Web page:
1. Stop using your clothes dryer. I realize it is easy to throw clothes into it and just turn it on. However, a clothes dryer is one of the biggest energy hogs in your whole house. The average electric dryer uses 5000 watts or more of power and can run $80-$200 in operating costs on a yearly basis. The easy alternatives is to use a clothesline outside in good weather and a drying rack inside in bad weather. It only takes a few minutes to hang a load of laundry, and your clothes will last longer when they are not continuously heated and tumbled dry.

2. Use reusable water bottles. Of course I am going to mention this idea as reusable bottles are one of our premier items in the store. However, there is a very legitimate case for the use of a non-disposable water bottle. The world market for bottled water is $50 billion + annually. When these bottles are emptied, they are discarded into landfills. In the US alone, we discard 22 billion water bottles per year. This accounts for the use of 17 million barrels of oil in the production of the plastic alone. On the consumer side, consider that you might spend $1.25 on a 500 mL bottle of water. If you do this three times a week, your yearly cost for bottled water is $195. In addition, you will be sending 156 bottles to the landfill or recycling center. A comparably sized reusable water bottle from our store would cost you only $16.15 + $5 shipping. This would leave you plenty of money to purchase a very nice water filtration system if you are concerned about the quality of your tap water.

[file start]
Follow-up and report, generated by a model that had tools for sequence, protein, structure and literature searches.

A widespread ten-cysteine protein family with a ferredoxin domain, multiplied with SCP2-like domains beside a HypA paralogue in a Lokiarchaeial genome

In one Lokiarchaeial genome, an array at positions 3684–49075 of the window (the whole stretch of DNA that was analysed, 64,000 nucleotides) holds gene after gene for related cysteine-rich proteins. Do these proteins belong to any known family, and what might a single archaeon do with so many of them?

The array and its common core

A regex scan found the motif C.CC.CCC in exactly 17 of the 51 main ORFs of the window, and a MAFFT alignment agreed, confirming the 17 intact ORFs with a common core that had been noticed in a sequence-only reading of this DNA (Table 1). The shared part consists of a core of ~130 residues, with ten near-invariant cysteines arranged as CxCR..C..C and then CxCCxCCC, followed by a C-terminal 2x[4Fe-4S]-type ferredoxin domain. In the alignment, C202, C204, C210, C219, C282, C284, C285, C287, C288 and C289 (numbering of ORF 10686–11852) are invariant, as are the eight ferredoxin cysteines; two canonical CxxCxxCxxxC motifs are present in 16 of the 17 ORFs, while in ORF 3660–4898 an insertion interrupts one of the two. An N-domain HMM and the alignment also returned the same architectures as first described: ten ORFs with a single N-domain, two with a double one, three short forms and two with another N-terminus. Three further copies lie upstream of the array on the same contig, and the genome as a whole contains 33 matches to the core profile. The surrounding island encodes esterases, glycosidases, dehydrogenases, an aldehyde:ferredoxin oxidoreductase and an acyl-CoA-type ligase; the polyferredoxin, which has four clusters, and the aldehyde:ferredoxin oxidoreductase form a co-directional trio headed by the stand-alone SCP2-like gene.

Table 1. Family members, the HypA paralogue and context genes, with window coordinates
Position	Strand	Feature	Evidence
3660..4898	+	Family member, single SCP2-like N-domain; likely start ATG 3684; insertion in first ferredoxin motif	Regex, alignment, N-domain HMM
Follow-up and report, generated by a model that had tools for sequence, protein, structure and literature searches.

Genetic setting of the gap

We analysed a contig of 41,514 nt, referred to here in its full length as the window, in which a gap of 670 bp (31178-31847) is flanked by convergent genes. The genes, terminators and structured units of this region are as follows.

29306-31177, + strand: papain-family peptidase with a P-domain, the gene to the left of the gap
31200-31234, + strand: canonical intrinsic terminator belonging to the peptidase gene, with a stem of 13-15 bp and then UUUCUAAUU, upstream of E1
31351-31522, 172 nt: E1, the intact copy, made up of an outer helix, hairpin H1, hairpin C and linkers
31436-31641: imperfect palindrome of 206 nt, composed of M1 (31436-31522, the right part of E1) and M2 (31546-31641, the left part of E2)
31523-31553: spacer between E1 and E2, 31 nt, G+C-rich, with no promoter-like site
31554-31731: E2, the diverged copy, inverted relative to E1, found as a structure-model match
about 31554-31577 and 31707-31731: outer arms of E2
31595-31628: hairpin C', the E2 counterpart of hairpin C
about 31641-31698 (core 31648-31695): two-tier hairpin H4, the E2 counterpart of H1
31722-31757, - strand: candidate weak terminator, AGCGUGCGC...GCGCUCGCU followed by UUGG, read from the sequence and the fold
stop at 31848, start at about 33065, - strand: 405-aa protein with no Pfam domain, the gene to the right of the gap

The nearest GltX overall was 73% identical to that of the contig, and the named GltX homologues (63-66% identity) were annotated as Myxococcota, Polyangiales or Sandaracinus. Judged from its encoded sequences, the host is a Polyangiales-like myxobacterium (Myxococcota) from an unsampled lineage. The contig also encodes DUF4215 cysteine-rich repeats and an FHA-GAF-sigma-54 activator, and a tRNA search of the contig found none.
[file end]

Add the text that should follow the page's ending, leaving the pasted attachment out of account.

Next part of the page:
3. Walk or ride a bike in lieu of a car where possible. 40% of urban travel is over a distance of 2 miles or less. By bike you can cover this distance in less than 15 minutes and save the assosciated gas. Imagine reducing your gas consumption by 40% each year. Not only would this greatly help the environment through emission reduction, but it would be a good step towards reducing our country’s dependence on foreign oil. Also, consider how much money you would save if you paid 40% less to fill your car each year.